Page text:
Animals do not have to be raised in CAFOs. In fact the industrialization of animal agriculture really just took hold in the last fifteen years. There are better ways to raise animals than to keep them confined to small spaces, housing thousands of animals in one building, never allowing them to see sunlight, or to engage in normal instinctive behavior.
Hogs can be raised using hoop barns. Hoop barns utilize deep bedding which allows the animals to nest and burrow. The animals’ waste mixes with the bedding material which can then be composted, or dried and then disked into fields. This greatly reduces the potential for manure run-off which is a significant problem with the lagoon and land application system presently used by most hog CAFOs. Less confinement also helps the animals by reducing their levels of stress.1
Another benefit of giving the animals more space is that it reduces the likelihood of disease organisms spreading through the CAFO. This will allow the producer to reduce their reliance on prophylactic (given before there is a disease organism detected in the animal) and therapeutic antibiotics (given after a disease organism is detected). There should be no reason for giving nontherapeutic anitibiotics (given not because of an existing or a suspected disease or disease exposure, but, for purposes of growth promotion, feed efficiency, weight gain, or routine disease prevention in the absence of documented exposure.)2
Methane digesters can capture the gas given off by decomposing manure and use the gas to power generators needed on the farm. This is a much better solution than allowing the methane, a greenhouse gas, to escape into the environment. In addition, it lowers the farm’s reliance on imported fossil fuels, it lowers the level of odor given off by the facility, and it reduces the quantity of waste that has to be land-applied.3
Composting manure, especially cattle and poultry waste, can prove profitable to the farm, as there is a large demand for composted manure.4
The enforcement of all state and federal statutes and regulations pertaining to the discharge of gases, polluted waste, heavy metals, etc. would force the CAFO operators to assume the cost of their polluting activities, which until now they have passed onto their neighbors, both near and far. If the operators were actually fined for the innumerable permit violations they routinely commit, they would no longer consider such activities as economically viable.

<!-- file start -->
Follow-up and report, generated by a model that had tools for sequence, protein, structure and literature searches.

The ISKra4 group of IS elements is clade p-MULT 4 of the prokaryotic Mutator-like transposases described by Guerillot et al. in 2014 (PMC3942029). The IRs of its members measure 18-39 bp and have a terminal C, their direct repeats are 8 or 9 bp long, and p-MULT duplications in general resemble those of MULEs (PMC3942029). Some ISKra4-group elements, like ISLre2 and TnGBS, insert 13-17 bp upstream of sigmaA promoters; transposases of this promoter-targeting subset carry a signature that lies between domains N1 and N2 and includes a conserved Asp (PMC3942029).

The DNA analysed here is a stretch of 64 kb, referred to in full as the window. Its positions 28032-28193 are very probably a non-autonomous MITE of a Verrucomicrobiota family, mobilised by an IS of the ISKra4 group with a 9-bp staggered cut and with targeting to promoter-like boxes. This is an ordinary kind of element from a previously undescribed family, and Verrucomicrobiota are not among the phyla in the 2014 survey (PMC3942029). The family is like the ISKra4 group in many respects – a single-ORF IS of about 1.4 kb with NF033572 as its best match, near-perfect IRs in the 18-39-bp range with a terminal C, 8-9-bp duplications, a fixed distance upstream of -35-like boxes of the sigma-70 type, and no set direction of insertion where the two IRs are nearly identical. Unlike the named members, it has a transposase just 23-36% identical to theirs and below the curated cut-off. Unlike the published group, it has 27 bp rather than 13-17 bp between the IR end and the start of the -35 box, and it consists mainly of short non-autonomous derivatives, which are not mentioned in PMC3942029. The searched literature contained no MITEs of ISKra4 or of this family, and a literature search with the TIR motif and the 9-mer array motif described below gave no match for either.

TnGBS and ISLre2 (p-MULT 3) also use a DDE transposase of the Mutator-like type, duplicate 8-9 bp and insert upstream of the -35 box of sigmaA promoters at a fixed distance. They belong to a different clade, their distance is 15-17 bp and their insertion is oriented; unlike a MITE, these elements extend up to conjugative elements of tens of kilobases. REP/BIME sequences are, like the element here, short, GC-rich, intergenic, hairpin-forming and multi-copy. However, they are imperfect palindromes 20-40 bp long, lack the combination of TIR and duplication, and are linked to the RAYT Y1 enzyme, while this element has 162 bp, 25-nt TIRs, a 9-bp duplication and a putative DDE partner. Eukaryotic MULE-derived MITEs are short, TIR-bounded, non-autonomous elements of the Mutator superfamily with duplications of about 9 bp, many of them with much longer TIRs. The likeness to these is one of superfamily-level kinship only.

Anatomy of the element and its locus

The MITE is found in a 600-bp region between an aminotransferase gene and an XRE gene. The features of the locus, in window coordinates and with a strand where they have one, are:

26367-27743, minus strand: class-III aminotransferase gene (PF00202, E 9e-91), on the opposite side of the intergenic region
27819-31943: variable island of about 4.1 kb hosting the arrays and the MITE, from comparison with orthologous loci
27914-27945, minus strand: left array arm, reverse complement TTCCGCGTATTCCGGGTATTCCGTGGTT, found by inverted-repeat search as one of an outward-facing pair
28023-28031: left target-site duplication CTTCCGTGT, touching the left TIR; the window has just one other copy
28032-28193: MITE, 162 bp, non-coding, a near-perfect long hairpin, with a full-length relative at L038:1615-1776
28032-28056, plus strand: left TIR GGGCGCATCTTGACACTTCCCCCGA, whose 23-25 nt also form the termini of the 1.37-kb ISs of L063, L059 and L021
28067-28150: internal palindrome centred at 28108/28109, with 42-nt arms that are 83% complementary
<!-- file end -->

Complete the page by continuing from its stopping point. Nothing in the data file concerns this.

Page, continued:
The following practices should be banned:
- Gestation crates (where sows are kept for their entire 124-day gestation period.) The crates do not allow the animals to turn around or express natural behaviors, and they restrict the sow’s ability to lie down comfortably. Alternatives such as open feeding stalls and pens can be used to manage sows.
- Restrictive farrowing crates, in which sows are not able to tum around or exhibit natural behavior. As an alternative, farrowing systems (e.g., the Freedom Farrowing System, or Natural Farrowing Systems) provide protection to the piglets while allowing more freedom of movement for the sow.
- Any cages that house multiple egg-laying chickens (commonly referred to as “battery cages”) without allowing the hens to exhibit normal behavior (e.g., pecking, scratching, roosting).
- The tethering and / or individual housing of calves for the production of white veal. This practice is already rare in the United States, so its phaseout can be done quickly.
- Forced feeding of fowl to produce foie gras.
- Tail docking of dairy cattle.
- Forced molting by feed removal for laying hens to extend the laying period.5
In addition, the following practices should be improved for the health and welfare of the animals:
- Flooring and housing conditions in feedlots and dairies: cattle kept on concrete, left in excessive amounts of feces, and I or not provided shade and lor misting in hot climates.
- Flooring and other housing conditions at swine facilities: hogs that spend their entire lifetime on concrete are prone to higher rates of leg injury.
- The method of disposal of unwanted male chicks and of adult fowl in catastrophic situations that require the destruction of large numbers of birds.
- Hand-catching methods for fowl that result in the animals’ broken limbs, bruising, and stress.
- Body-altering procedures that cause pain to the animals.
- Air quality in CAFO buildings: gas can cause respiratory harm to animal health and to CAFO workers through exposure to gas buildup, toxic dust, and other irritants.
- Ammonia bums on the feet and hocks of fowl due to contact with litter.
- Some weaning practices for piglets, beef cattle, and veal calves: the shortening of the weaning period or abrupt weaning to move the animal to market faster can stress the animals and make them more vulnerable to disease.6
Many of these modifications can be done without causing an extreme financial burden to the animal producer and will produce healthier animals that are safer for human consumption.
1 A Report of the Pew Commission on Industrial Farm Animal Production. Putting Meat on the Table: Industrial Farm Animal Production in America. 55 (2008); Doug Gurian-Sherman. CAFOs Uncovered: The Untold Cost of Confined Animal Feeding Operations. Union of Concerned Scientists at 2-3, 6, 23-24 (April 2008).
2 Amy Chapin. Airborne Multidrug-Resistant Bacteria Isolated from a Concentrated Swine Feeding Operation. 113(2) Environmental Health Perspectives 137 (February 2005); Mary J. Gilchrist. The Potential Role of Concentrated Animal Feeding Operations in Infectious Disease Epidemics and Antibiotic Resistance. 115(2) Environmental Health Perspectives 313 (February 2007).
3 Pew Commission Report at 53.
4 Ibid at 55.
5 Ibid at 85.
6 Ibid at 86.